Friday, September 30, 2011

Review: Shadows on the Moon

Shadows on the Moon
By Zoe Marriott
Publication date: July 7, 2011 (UK)/April 2012 (US)

Shadows on the Moon is a Asia-inspired fantasy retelling of Cinderella. In this version, the heroine goes to the ball not to win the prince's heart but to win the position of Shadow Bride, the highest ranking mistress. If she succeeds, she will be able to seek vengeance for the murder of her father and cousin.

Suzume is a young girl at the start of the story and it is clear that her father loves her but her mother is distant. When her father is falsely accused of treason and executed, Suzume and her mother (who wasn't there when the attack happened) flee to the safety of her father's best friend Lord Terayama. Soon after, her mother marries Terayama-san and it becomes clear to Suzume that all is not as it seems. Her mother is happy while Suzume only feels anger and pain. The only thing that gives her release from the overwhelming feelings is cutting herself. Suzume knows that she musn't let Terayama-san see her true self. She begins to hide her emotions and cutting scars using Shadow Weaving, a magical ability she didn't even know she had until after the attack. With the help of a servant and fellow Shadow Weaver, Suzume learns to disguise herself first as an obedient daughter, then as Rin, a mute and slow kitchen servant and later as Yue, the beautiful musician and dancer. But Suzume's plans for revenge are put into jeopardy when she meets Otieno, a foreigner and Shadow Weaver who can see through her disguise.

Suzume is not always likable, especially when she is so bent on revenge. She hurts not only herself but others who care about her. She is a determined girl though her narrow minded focus might cause her to lose the love of a good man. She feels that she doesn't deserve to be happy. It is all part of her growing process however and she must learn to deal with her grief, rage, and guilt. On Suzume's journey to healing, she meets three people who profoundly change her life. The first is Youta, the elderly Shadow Weaver who sees in Suzume the daughter he lost. It is Youta who saved Suzume's life the day her father was killed by hiding her in the ashes of the fireplace. Youta does his best to convince Suzume to live her life rather than seek revenge. Suzume later meets Akira while on the run. Akira is a Shadow Weaver too and a former Shadow Bride. It is Akira who teaches Suzume what she needs to become a Shadow Bride herself. She tries to encourage Suzume to let go of her scheme for vengeance and embrace love instead. Otieno is the young Shadow Weaver from a distant land who fell in love with Suzume and can see through all her disguises. He offers Suzume his heart but hers is so broken that she believes she is unworthy of his love.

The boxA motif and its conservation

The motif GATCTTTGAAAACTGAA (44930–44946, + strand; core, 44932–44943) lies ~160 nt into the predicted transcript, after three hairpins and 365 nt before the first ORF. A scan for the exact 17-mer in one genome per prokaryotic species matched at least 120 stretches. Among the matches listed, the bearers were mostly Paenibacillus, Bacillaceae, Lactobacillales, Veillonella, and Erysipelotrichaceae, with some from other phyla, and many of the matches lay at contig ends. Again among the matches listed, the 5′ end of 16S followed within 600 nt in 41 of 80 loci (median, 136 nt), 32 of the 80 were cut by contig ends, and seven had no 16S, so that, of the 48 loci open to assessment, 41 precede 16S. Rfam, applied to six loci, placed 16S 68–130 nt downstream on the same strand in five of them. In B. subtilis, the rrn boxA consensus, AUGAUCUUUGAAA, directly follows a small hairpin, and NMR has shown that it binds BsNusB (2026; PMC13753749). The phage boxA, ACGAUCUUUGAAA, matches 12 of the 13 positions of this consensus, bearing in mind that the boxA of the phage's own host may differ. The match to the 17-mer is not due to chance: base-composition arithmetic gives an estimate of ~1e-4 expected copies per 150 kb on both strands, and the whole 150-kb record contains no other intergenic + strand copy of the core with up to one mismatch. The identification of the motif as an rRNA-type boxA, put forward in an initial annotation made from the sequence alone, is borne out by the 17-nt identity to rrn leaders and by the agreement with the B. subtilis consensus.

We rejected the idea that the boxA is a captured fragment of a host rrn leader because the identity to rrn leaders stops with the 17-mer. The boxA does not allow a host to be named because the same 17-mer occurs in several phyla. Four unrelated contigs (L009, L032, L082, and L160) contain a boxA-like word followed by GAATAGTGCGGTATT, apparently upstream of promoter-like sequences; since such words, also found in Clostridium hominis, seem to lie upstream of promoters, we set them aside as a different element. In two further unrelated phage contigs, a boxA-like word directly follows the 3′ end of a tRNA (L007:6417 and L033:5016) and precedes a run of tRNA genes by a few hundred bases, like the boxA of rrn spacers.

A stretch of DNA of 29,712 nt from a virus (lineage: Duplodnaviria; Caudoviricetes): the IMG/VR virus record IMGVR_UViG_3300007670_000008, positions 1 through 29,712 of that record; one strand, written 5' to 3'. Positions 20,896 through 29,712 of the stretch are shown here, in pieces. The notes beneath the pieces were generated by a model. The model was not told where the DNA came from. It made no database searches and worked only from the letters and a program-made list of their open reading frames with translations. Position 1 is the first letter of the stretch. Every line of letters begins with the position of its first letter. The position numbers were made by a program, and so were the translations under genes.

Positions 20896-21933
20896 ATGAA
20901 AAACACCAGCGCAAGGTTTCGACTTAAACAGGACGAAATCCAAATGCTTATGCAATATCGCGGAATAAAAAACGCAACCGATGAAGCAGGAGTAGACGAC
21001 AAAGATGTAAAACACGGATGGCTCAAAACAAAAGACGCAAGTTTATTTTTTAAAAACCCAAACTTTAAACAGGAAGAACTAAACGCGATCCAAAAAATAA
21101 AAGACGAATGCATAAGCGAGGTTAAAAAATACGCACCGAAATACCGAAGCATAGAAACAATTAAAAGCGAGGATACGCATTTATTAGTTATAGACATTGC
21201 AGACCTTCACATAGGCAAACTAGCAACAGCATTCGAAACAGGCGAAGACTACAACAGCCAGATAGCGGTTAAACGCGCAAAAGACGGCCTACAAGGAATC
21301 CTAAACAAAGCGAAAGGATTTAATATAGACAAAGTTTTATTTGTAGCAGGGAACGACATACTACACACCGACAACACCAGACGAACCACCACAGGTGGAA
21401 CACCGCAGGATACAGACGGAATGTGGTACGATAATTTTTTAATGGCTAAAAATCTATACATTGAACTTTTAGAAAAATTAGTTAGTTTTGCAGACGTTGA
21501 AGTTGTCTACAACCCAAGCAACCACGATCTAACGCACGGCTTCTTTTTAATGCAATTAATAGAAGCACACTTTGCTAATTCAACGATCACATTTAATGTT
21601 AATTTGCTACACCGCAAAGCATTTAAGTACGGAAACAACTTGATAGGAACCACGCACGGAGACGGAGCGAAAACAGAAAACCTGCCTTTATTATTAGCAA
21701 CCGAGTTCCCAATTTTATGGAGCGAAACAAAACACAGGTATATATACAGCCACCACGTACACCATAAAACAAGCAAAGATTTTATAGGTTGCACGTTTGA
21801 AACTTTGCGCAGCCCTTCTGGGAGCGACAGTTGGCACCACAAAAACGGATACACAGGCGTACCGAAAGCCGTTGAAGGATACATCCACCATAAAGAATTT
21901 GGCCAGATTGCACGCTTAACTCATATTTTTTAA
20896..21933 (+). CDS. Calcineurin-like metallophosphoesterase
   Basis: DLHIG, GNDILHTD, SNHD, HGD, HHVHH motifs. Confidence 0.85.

Shadows on the Moon is a beautifully written novel that has been described by the publisher as "Cinderella meets Memoirs of a Geisha", a sentiment that I agree with especially for the last section of the book where I couldn't help but compare Suzume to Sayuri, the heroine of Memoirs of a Geisha. The world that Zoe Marriott creates is inspired by Feudal Japan. I enjoyed the descriptions of the kimono, tea gardens, the music, dancing and other details of Suzume's daily life. The descriptions of Shadow Weaving are also fascinating though not much insight is given into how Suzume and the other Shadow Weavers can do what they do. The author uses symbolism to great effect with the meaning of names and the way a name change corresponds with each phase of Suzume's life (Suzume means sparrow, Rin means cold, and Yue means moon).

I have found Zoe Marriott to be a talented writer of YA fantasy and she does not disappoint with Shadows on the Moon. She delivers a story of magic, adventure, beauty, and love. I enjoyed the romance between Suzume and Otieno though it was not the main focus of the story. What pulled me in the most was the emotional journey that Suzume takes over the course of the novel. The ending shows that Suzume has come to some important realizations about herself and her behavior. She still has some healing to do but she is well on her way. If there is one think that could have been improved it would be the ending. I felt that the last part of the book was rushed and the conclusion came a little abruptly. Still, I thought it was an amazing book and one of my favorites of 2011. I would suggest this to fans of Silver Phoenix by Cindy Pon and those who like fairy tale retellings.

Readalikes: Silver Phoenix by Cindy Pon, Eon by Alison Goodman, Warrior Princess by Frewin Jones, The Girl of Fire and Thorns by Rae Carson, Memoirs of a Geisha by Arthur Golden


  1. Yay, I've been waiting for your review of this and it definitely sounds like something up my alley! Thanks for the review.

  2. since i want to read pretty much all of the readalikes, i need to add this one to my to read list too!


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